But that was part of being an EMT, being an emergency-room RN.


           Light flooded around her and hands replaced the tug of the rope, pulling her free, setting her on her feet, a quick anonymous hug of welcome back to the land of the living. She swiped her sleeve at the mud on one cheek, smearing it, making it worse. She blinked in the sudden glare of overcast gray skies and staggered over to lean against the side of a pickup truck, catching her breath now that she had room to breathe. Ten feet, maybe twelve she guessed, the distance she'd slithered in along a twisty diagonal tunnel under the wreck, the distance they'd pulled her back out.


           Felt like a mile.


           Heavy lifting now, getting jacks and cable stays with come-alongs out to trees and the air bags into place, stuff she couldn't help with. Not big enough, not strong enough. Hell, she barely weighed enough for effective CPR. If they got the guy out still breathing, then she'd take over with her peculiar skills and strengths, keep him alive on the long ride to the ER. Or maybe he'd be bad enough off to need the air ambulance. She tried to gauge this clearing in the woods as a helicopter's landing zone, a flat over there, did it give enough clearance for the rotors, land and lift-off into the wind?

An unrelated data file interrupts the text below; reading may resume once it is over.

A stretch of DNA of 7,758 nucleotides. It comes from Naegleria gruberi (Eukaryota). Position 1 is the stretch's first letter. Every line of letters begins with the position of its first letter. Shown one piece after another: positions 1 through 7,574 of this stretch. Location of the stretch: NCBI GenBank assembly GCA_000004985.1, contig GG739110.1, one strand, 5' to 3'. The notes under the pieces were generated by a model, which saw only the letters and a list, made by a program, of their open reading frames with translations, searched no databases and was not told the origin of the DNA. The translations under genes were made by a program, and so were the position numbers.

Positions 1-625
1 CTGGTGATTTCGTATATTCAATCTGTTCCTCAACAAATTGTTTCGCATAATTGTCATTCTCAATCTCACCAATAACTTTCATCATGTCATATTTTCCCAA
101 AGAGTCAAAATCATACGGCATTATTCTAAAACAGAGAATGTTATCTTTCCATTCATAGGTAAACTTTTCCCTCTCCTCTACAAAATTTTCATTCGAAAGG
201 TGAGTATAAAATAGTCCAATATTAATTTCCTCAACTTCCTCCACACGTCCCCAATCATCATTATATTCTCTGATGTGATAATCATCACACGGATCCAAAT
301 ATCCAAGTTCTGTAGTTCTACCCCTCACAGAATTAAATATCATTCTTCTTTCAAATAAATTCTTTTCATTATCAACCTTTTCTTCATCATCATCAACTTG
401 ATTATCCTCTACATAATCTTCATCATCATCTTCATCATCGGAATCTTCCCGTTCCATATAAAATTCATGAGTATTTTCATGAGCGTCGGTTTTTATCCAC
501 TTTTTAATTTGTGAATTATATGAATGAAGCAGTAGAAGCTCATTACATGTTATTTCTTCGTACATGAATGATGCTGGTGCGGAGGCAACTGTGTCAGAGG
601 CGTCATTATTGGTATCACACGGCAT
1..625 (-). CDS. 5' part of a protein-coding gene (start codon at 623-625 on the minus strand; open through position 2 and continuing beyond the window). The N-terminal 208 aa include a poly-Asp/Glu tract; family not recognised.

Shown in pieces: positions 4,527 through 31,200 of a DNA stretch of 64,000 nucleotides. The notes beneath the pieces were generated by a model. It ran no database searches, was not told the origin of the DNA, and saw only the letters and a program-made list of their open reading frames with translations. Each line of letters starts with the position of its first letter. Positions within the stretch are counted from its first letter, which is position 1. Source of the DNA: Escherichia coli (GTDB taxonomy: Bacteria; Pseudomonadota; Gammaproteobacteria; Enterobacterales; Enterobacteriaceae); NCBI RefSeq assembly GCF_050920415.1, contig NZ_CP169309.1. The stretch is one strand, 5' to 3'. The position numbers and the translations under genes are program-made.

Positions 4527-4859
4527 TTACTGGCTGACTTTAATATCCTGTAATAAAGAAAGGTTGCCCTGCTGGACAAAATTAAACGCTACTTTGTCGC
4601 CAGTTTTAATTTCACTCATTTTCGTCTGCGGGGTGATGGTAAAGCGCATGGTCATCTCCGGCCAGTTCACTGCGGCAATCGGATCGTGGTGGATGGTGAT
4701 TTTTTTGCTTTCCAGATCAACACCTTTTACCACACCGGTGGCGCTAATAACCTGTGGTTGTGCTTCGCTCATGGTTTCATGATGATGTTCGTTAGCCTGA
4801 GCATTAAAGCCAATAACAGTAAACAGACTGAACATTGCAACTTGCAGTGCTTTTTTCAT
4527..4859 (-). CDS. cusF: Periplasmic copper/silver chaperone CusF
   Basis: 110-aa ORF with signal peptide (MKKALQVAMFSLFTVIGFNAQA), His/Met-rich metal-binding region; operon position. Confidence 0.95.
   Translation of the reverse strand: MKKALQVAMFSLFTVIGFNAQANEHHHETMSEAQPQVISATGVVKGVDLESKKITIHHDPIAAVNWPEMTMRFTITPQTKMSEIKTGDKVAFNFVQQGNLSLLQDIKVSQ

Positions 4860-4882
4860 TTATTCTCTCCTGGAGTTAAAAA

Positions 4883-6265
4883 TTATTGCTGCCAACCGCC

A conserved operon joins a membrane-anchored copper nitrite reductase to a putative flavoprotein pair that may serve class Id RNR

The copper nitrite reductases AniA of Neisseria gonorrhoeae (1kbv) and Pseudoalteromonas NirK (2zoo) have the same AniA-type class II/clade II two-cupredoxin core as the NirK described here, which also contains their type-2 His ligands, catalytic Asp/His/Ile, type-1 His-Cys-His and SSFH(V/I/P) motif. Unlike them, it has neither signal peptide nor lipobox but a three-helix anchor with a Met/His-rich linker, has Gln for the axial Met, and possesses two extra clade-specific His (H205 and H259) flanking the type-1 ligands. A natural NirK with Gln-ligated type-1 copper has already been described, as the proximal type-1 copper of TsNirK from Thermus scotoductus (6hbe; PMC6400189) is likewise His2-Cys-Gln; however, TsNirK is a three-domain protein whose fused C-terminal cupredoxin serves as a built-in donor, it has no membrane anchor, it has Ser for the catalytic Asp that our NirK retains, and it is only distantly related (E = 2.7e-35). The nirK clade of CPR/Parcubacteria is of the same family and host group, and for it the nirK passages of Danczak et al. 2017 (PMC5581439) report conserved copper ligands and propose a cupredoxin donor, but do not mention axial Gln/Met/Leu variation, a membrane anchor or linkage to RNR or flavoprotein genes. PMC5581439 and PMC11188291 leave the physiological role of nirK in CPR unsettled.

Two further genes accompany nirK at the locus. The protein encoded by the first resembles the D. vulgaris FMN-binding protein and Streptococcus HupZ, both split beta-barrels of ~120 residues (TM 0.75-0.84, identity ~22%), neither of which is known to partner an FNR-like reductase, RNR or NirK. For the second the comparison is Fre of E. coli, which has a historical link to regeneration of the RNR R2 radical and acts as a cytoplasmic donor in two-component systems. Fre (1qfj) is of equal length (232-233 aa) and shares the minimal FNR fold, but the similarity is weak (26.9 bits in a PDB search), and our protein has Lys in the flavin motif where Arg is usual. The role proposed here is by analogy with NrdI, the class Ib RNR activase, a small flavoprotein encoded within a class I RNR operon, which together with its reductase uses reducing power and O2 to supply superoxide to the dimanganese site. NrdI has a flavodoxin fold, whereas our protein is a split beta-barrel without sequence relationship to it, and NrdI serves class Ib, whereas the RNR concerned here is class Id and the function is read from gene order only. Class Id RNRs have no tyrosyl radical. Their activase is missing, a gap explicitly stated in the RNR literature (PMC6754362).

No. Too risky. They'll have to land by the road, old hay-field out there, carry the victim out to them in a Stokes basket. At least, no power lines to dodge on the gravel road. Too far back in the woods.


           Stonefort, harbor village and island and township, sat at the ass-end of Maine, and this logging site was ten miles of bad road into the puckerbrush even by Stonefort standards. Not the sort of place you wanted to be when a medical emergency hit. Her job, EMT and emergency-room nurse and witch, was to keep that isolation from taking too many lives.


           And to protect Stonefort's people in other ways.


           She forced herself away from the pickup's brace and stood on her own two feet, shrugging and stretching and shaking the aches and jitters out of her body, coming down from the junkie-rush of ambulance and ER work that kept her coming back for more -- the maybe-ex-pirate Morgans weren't the only Stonefort family gene-selected for life on danger's knife edge . . .